Victor Constantius Maximus Augustus to the Alexandrians.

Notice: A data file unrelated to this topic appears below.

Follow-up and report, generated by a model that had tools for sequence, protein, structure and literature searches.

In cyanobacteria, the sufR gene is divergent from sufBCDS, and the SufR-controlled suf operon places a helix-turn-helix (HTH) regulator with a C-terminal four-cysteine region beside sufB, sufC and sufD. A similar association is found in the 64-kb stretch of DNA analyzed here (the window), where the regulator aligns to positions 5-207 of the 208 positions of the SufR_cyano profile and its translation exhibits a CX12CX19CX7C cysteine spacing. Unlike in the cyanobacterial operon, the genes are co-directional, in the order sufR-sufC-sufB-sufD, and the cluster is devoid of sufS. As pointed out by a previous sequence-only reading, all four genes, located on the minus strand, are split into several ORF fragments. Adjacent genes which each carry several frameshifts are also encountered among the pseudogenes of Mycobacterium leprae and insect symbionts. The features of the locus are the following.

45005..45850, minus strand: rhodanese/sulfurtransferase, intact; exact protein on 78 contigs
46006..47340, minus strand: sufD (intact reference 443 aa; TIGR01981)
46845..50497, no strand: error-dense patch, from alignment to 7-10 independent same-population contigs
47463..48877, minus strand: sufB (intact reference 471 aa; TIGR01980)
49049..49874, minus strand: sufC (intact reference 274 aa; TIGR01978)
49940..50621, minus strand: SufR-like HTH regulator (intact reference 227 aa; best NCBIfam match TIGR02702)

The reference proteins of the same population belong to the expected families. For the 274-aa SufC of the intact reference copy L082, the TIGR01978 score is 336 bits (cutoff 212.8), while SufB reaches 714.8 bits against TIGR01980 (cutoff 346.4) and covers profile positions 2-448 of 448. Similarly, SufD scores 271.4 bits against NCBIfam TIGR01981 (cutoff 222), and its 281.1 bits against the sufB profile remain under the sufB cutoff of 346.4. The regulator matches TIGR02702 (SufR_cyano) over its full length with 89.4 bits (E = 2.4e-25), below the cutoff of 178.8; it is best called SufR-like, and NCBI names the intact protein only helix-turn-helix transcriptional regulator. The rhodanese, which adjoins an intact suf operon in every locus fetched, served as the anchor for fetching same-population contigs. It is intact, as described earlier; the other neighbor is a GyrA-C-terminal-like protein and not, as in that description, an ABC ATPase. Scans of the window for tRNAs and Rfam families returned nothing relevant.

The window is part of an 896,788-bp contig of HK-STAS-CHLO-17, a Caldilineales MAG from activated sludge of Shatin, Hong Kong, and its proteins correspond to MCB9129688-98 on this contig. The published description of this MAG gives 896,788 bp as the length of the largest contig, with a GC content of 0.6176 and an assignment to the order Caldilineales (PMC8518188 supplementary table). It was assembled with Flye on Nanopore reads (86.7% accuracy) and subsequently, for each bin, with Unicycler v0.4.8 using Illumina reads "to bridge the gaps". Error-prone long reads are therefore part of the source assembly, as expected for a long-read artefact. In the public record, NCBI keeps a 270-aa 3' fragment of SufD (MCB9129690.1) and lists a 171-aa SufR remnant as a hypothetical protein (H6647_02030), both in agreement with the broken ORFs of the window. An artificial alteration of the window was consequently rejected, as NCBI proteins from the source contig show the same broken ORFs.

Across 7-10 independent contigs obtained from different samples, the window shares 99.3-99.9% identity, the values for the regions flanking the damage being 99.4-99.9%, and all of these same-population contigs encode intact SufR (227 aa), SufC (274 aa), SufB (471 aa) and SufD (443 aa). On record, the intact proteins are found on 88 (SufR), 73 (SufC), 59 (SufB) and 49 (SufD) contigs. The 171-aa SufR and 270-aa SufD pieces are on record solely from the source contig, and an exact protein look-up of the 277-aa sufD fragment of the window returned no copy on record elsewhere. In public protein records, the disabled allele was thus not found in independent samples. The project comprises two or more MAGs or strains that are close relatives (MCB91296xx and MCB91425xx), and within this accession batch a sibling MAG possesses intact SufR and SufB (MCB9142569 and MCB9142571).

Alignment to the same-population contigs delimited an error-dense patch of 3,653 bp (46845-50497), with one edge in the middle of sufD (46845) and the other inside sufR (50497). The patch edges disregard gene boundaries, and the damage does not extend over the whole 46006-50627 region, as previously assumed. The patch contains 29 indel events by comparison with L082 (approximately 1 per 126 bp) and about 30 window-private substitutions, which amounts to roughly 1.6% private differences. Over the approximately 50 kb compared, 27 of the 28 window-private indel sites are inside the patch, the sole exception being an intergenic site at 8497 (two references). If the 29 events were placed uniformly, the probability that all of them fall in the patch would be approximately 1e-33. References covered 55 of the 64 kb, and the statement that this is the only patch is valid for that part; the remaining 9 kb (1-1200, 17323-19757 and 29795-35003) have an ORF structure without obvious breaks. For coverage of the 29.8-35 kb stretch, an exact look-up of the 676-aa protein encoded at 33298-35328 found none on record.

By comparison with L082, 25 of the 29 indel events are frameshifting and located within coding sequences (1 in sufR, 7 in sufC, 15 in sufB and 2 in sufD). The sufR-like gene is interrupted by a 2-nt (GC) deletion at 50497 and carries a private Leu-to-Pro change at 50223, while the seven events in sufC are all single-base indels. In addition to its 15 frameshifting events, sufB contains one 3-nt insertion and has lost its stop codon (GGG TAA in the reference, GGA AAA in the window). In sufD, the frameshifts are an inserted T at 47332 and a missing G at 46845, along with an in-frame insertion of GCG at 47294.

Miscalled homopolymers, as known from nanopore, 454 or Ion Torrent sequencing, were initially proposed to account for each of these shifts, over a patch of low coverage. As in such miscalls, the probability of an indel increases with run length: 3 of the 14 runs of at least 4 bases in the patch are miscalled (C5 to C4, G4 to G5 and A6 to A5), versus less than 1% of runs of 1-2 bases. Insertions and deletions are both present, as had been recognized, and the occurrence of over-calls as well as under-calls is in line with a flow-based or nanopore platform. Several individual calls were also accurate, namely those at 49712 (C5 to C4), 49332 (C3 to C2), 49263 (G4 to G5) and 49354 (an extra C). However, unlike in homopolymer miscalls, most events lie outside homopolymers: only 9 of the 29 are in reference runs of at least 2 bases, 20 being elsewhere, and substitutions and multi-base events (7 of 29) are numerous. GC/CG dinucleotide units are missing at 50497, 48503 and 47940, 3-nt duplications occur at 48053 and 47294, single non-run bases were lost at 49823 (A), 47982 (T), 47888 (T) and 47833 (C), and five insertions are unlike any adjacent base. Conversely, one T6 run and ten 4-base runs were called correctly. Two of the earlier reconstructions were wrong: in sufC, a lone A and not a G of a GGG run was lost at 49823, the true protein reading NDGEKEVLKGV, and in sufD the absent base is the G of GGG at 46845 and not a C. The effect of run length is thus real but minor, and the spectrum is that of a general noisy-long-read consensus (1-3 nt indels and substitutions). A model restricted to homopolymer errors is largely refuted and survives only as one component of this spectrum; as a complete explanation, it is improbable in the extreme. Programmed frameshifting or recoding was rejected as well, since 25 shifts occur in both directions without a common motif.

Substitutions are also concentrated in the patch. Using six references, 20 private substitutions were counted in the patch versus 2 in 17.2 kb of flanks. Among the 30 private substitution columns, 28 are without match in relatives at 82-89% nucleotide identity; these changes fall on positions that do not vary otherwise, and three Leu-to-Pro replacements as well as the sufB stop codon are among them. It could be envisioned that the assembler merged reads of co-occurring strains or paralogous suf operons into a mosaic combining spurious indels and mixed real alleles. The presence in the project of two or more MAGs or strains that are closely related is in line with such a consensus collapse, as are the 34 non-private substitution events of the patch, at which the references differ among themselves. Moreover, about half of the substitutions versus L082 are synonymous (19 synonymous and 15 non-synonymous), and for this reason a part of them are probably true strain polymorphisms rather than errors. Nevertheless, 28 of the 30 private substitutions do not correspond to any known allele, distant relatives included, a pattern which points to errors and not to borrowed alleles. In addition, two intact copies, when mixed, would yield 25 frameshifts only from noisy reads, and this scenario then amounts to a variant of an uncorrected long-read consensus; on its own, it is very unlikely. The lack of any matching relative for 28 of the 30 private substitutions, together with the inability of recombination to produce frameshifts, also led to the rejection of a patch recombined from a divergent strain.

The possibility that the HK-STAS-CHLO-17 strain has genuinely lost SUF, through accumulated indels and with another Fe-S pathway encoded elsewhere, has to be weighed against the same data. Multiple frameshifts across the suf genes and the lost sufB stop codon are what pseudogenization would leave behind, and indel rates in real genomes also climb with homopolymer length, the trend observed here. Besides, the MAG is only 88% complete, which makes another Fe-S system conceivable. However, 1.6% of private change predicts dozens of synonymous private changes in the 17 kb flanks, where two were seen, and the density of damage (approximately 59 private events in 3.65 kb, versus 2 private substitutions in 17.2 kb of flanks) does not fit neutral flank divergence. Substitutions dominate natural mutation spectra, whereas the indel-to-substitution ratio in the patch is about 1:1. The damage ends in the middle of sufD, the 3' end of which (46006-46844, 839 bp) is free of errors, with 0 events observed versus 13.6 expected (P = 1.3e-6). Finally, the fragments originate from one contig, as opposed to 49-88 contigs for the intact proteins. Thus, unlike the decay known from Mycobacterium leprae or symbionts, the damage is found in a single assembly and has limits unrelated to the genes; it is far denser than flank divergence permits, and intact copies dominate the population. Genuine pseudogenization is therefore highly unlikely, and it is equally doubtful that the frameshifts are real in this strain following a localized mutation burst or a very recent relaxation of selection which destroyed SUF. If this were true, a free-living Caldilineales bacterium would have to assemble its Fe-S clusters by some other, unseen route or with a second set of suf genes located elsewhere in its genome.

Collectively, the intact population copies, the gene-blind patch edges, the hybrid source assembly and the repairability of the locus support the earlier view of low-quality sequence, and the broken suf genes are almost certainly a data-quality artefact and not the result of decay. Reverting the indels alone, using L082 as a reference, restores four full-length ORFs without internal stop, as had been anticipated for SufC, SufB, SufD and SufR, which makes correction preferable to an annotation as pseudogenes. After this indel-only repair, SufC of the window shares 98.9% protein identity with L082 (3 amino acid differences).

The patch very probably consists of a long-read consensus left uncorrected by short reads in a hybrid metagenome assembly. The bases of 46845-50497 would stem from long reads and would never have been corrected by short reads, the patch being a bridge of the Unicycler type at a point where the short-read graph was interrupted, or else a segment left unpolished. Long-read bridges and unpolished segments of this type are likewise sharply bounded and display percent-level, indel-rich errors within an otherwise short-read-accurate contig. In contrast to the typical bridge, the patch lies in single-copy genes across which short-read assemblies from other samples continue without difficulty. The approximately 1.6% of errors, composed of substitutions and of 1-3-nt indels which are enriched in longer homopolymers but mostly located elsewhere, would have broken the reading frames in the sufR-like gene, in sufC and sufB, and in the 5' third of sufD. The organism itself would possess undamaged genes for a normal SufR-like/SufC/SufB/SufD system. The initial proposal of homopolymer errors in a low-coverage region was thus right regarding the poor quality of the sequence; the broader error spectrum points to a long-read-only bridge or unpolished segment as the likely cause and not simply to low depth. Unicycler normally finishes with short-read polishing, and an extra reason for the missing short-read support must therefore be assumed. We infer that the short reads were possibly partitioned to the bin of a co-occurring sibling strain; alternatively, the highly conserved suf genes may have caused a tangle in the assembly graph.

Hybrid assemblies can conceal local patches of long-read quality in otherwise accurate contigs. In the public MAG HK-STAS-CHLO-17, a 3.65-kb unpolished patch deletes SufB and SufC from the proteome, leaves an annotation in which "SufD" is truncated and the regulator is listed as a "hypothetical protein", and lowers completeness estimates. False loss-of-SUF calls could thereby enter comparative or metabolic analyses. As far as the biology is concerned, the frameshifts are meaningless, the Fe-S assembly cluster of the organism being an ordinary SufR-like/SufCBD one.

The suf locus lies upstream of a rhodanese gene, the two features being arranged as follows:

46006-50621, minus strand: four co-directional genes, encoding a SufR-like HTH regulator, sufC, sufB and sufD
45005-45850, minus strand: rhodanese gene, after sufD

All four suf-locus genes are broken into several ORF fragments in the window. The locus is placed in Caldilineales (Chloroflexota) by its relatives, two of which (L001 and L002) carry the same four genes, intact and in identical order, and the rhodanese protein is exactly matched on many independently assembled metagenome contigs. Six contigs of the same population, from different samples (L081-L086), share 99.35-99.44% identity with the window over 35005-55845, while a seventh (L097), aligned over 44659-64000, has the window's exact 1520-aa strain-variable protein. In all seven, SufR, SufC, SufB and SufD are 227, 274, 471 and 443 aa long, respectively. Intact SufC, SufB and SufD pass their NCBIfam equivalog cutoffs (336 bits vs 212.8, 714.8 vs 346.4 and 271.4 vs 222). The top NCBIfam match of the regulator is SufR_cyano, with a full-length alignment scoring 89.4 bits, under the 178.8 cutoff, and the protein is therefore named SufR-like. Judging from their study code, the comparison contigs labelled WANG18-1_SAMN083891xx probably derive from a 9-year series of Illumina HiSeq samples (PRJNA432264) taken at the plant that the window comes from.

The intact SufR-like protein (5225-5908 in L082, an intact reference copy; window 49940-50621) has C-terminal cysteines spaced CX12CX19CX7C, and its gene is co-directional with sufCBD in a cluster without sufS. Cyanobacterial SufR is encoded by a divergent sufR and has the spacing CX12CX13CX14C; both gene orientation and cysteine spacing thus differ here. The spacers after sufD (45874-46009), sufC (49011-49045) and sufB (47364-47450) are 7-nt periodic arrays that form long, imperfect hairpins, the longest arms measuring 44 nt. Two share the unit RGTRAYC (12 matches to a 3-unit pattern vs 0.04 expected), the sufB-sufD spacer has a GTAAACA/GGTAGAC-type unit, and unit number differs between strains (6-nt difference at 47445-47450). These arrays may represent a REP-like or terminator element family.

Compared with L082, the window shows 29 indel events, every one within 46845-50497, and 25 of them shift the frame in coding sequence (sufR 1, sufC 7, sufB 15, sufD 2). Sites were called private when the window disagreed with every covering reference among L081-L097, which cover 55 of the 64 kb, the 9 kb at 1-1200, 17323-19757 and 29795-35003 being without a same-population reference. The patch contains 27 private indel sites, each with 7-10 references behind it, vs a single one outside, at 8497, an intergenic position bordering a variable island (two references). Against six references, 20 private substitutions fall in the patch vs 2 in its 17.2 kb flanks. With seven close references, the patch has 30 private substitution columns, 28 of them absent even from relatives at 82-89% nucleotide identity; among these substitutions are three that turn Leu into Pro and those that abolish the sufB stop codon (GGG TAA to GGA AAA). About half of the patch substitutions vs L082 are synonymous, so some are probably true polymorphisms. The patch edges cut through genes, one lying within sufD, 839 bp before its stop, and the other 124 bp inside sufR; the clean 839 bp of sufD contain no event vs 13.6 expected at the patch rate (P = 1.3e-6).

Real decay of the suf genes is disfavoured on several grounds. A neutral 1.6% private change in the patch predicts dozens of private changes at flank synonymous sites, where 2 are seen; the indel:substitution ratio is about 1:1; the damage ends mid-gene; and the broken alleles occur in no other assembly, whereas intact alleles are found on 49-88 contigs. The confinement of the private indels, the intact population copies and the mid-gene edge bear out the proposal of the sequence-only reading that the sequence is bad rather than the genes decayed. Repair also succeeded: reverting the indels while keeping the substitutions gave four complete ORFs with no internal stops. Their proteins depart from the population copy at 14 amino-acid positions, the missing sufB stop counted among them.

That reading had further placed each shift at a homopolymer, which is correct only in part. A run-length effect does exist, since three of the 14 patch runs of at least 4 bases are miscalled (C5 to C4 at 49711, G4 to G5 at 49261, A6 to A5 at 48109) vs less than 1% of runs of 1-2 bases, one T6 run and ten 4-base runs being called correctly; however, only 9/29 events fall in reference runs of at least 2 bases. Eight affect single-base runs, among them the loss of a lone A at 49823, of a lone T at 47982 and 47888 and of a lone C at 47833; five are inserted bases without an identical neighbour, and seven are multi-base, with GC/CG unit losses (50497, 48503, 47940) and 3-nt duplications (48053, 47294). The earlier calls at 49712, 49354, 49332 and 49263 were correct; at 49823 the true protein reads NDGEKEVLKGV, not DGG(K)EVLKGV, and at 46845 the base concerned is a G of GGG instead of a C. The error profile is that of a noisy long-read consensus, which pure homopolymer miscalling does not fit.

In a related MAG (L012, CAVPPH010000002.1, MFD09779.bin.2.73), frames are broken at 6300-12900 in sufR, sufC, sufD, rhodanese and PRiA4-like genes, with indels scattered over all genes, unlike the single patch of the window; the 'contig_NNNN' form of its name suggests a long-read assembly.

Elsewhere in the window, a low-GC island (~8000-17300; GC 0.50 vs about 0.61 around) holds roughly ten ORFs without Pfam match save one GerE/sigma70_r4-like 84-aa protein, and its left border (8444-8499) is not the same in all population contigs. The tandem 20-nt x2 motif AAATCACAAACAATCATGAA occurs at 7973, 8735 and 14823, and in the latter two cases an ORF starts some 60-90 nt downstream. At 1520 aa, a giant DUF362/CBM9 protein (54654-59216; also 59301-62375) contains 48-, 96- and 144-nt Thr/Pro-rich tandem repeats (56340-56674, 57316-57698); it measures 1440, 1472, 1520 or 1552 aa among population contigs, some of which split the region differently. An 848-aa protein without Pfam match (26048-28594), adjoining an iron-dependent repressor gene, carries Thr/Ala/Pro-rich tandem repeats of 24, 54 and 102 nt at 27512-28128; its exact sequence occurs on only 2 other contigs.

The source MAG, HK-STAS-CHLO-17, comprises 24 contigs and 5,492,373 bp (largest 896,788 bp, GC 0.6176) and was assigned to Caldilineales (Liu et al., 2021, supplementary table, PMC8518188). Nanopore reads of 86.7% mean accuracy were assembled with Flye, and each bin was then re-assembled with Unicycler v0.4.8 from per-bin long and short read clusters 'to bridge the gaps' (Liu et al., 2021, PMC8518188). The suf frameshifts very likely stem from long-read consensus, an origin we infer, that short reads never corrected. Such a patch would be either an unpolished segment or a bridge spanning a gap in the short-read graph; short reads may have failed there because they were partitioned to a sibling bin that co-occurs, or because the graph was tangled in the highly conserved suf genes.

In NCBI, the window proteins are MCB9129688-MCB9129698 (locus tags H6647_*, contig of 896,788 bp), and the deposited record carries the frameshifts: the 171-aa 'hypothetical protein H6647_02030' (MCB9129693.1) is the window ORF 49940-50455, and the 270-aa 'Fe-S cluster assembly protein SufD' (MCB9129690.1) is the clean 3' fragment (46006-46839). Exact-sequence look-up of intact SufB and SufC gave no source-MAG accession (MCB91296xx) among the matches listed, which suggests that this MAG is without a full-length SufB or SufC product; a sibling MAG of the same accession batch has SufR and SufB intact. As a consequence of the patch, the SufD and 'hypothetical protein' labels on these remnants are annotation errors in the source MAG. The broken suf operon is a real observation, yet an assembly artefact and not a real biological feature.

Your city, preserving its national character, and remembering the virtue of its founders, has habitually shewn itself obedient unto us, as it does at this day; and we on our part should consider ourselves greatly wanting in our duty, did not our good will eclipse even that of Alexander himself. For as it belongs to a temperate mind, to behave itself orderly in all respects, so it is the part of royalty, on account of virtue, permit me to say, such as yours, to embrace you above all others; you, who rose up as the first teachers of wisdom who were the first to acknowledge God; who moreover have chosen for yourselves the most consummate masters; and have cordially acquiesced in our opinion, justly abominating that impostor and cheat, and dutifully uniting yourselves to those venerable men who are beyond all admiration. And yet, who is ignorant, even among those who live in the ends of the earth, what violent party spirit was displayed in the late proceedings? with which we know not anything that has ever happened, worthy to be compared. The majority of the citizens had their eyes blinded, and a man who had come forth from the lowest dens of infamy obtained authority among them, entrapping into falsehood, as under cover of darkness, those who were desirous to know the truth; -- one who never provided for them any fruitful and edifying discourse, but corrupted their minds with unprofitable subtleties. His flatterers shouted and applauded him; they were astonished at his powers, and they still probably murmur secretly; while the majority of the more simple sort took their cue from them. And thus all went with the stream, as if a flood had broken in, while everything was entirely neglected. One of the multitude was in power; -- how can I describe him more truly than by saying, that he was superior in nothing to the meanest of the people, and that the only kindness which he shewed to the city was, that he did not thrust her citizens down into the pit. This noble-minded and illustrious person did not wait for judgment to proceed against him, but sentenced himself to banishment, as he deserved. So that now it is for the interest of the Barbarians to remove him out of the way, lest he lead some of them into impiety, for he will make his complaint, like distressed characters in a play, to those who first fall in with him. To him however we will now bid a long farewell. For yourselves there are few with whom I can compare you: I am bound rather to honour you separately above all others, for the great virtue and wisdom which your actions, that are celebrated almost through the whole world, proclaim you to possess. Go on in this sober course. I would gladly have repeated to me a description of your conduct in such terms of praise as it deserves; O you who have eclipsed your predecessors in the race of glory, and will be a noble example both to those who are now alive, and to all who shall come after, and alone have chosen for yourselves the most perfect of beings as guide for your conduct, both in word and deed, and hesitated not a moment, but manfully transferred your affections, and gave yourselves up to the other side, leaving those grovelling and earthly teachers, and stretching forth towards heavenly things, under the guidance of the most venerable George , than whom no man is more perfectly instructed therein. Under him you will continue to have a good hope respecting the future life, and will pass your time in this present world, in rest and quietness. Would that all the citizens together would lay hold on his words, as a sacred anchor, so that we might need neither knife nor cautery for those whose souls are diseased! Such persons we most earnestly advise to renounce their zeal in favour of Athanasius, and not even to remember the foolish things which he spoke so plentifully among them. Otherwise they will bring themselves before they are aware into extreme peril, from which we know not any one who will be skilful enough to deliver such factious persons. For while that pestilent fellow Athanasius is driven from place to place, being convicted of the basest crimes, for which he would only suffer the punishment he deserves, if one were to kill him ten times over, it would be inconsistent in us to suffer those flatterers and juggling ministers of his to exult against us; men of such a character as it is a shame even to speak of, respecting whom orders have long ago been given to the magistrates, that they should be put to death. But even now perhaps they shall not die, if they desist from their former offences, and repent at last. For that most pestilent fellow Athanasius led them on, and corrupted the whole state, and laid his impious and polluted hands upon the most holy things.